My gender does not limit how I live my life.
I’m 18 years old and I live in Lima, Peru. I consider myself to be a kind and intelligent person, sensitive, and I love to do normal teenage things like listening to music and having fun. I believe I’m happy, but it hasn’t always been this way.
Living in a traditional society as a woman bring certain things with it. Like, not being considered equal to man, being thought of in a rigid way or having to act as society dictates. I’ve never actually been quite okay with that, so I didn’t stick to it, since childhood. That’s when the bullying started.
I was bullied since first grade, when I was just 5 years old, until fifth grade at 11 years old. I was shamed for a number of reasons, the first one: playing with the boys and preferring “boys toys.”
I never really thought much about it, it just felt natural to play soccer and ask for cars instead of Barbie’s. Don’t get me wrong, I was quite feminine too but girls my age preferred jumping rope and not interacting with the boys. So, I didn’t have many friends at school, because girls wouldn’t play with me, and boys wouldn’t talk with me.
I didn’t care about it because I still had a couple of friends to play with, and that is all that really mattered to me, I mean, I was a 5 year old, all I wanted to do was play and have fun.
Later on, when I was 8, the only two friends I had, moved out of the country. I was left alone, to try and find someone to hang with. By then, I didn’t play with the boys anymore, because they didn’t like playing with “the girls” and the girls liked to just sit around and talk, still I was okay with it if I could get a group of girls to be with.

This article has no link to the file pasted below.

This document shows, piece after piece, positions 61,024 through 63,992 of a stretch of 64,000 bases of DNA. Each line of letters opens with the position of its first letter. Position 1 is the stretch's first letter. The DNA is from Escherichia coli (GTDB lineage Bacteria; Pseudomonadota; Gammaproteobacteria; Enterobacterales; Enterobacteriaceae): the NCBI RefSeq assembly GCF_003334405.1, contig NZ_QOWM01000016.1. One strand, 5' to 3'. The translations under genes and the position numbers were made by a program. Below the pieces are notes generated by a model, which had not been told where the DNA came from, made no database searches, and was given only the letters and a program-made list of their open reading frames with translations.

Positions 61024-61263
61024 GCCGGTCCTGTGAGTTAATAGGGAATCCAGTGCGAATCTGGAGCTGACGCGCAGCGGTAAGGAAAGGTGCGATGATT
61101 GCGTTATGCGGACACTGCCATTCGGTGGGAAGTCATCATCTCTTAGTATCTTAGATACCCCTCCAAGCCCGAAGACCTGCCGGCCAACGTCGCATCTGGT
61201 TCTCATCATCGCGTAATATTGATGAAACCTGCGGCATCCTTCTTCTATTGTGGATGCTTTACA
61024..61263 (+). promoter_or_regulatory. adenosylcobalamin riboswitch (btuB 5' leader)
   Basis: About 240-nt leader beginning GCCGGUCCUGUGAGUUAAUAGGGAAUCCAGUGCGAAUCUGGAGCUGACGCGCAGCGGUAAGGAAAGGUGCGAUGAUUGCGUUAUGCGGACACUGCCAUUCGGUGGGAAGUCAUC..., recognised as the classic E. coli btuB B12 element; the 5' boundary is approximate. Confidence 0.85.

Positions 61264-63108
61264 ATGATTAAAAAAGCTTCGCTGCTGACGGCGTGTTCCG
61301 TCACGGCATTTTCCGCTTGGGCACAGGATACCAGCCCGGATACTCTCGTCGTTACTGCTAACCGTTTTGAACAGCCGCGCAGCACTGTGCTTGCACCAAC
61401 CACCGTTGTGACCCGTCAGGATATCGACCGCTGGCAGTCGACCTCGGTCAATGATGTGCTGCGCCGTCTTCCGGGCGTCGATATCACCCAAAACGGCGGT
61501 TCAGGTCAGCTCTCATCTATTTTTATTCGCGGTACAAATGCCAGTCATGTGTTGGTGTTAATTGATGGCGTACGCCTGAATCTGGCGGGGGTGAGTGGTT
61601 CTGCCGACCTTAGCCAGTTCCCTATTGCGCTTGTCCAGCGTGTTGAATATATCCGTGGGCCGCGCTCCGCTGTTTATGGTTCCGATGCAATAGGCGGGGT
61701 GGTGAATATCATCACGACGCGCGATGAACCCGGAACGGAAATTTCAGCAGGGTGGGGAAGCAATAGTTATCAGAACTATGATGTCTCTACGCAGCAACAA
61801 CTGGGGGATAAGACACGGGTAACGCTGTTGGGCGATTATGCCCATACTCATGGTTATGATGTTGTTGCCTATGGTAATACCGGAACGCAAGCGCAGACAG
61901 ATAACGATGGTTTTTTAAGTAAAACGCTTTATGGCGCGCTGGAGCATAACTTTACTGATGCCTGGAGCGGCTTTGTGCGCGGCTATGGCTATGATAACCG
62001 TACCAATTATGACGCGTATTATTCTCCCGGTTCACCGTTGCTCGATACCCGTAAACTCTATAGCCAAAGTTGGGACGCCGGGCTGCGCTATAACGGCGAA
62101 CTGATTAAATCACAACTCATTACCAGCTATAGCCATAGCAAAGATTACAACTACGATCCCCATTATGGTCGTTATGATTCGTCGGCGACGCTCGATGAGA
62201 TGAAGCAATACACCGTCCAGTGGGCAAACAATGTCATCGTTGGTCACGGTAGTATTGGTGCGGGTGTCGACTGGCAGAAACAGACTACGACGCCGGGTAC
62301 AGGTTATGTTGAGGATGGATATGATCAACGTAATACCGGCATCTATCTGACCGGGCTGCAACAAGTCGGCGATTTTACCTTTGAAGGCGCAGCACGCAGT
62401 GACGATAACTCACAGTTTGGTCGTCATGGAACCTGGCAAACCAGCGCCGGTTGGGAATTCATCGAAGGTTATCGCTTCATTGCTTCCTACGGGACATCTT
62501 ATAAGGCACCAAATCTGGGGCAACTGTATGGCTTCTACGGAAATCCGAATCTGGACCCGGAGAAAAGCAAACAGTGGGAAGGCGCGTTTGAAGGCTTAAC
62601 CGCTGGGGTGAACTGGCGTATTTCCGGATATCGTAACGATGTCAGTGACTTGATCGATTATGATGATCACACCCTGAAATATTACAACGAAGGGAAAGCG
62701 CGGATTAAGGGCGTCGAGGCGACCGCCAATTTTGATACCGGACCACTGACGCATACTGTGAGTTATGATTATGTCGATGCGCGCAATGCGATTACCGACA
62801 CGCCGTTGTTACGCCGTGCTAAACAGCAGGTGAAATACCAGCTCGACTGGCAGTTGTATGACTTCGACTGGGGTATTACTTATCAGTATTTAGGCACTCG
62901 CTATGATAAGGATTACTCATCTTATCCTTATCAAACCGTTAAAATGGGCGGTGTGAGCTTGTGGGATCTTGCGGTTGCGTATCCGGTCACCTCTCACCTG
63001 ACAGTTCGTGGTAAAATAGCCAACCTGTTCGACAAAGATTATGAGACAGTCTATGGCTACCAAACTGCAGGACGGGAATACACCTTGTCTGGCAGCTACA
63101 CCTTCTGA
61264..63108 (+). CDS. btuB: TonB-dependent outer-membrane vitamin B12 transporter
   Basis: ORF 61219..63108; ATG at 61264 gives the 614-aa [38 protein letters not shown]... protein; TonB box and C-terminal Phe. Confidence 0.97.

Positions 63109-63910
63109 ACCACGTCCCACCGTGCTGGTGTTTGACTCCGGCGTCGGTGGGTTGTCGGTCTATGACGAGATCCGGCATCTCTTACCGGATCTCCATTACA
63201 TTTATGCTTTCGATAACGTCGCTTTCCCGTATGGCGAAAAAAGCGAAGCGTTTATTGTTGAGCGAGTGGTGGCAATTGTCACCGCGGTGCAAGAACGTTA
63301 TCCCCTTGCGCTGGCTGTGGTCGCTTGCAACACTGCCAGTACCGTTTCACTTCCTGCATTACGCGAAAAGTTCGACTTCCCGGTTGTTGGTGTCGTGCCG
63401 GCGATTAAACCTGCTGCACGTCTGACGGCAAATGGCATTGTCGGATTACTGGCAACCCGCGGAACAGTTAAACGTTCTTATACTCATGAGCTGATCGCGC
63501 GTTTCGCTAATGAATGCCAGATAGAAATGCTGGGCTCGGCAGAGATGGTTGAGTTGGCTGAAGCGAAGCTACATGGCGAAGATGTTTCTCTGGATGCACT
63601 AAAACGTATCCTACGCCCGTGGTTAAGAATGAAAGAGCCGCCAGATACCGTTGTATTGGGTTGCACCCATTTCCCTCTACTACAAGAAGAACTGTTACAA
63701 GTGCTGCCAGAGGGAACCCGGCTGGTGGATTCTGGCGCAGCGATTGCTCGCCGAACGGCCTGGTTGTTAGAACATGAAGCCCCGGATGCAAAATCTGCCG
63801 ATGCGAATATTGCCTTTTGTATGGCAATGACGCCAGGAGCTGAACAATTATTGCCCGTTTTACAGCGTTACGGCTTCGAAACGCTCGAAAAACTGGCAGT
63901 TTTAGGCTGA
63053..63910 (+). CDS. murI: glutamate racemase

But I couldn’t get any group to accept me, and also for the reason I was always top of my whole class. This time other kids didn’t like me for another reason: being smart. Kids just didn’t want to hang out with me, and I didn’t understand why that was.
I started thinking something was wrong with me, I started to not like myself as much, to feel uncomfortable in my own body, wanting to be like one of the popular girls.
At that time, in my lowest point in life, I would spend hours crying in the school’s toilets as I was alone and wishing for a friend.
It was then that I received one piece of advice from the person I love the most: my mom. She had been there through it all and she told me the others were just jealous, that there was nothing wrong with me, she told me to just be myself and not to stress out about what other people thought about me. That helped me rebuild my self-esteem and I learned a valuable life lesson I still use today: If you like yourself, or at least learn to love what you are with flaws and all, nobody can bring you down.
Years later, it started getting better. I made a couple of friends who liked me for who I was, and the best of all… I didn’t need to change myself. I changed schools, it all got better. I made a whole lot of new friends, and had they best years of my life so far on high school. They were so good; sometimes I don’t even remember I was bullied at all.
Remember, you just have to be strong and keep on going. Things do get better sooner or later, don’t let anyone tear you down.
(Adriana is from Peru and her story was published as part of Sharing not Shaming campaign by SAFIGI Outreach Foundation Ltd, a not for profit organization based in Zambia with a vision to raise a generation where girls are empowered, equipped and fulfilled in every aspect of their life, for the development of the entire world. To know more about SAFIGI’s goals and activities, visit http://www.safetyfirstforgirls.org )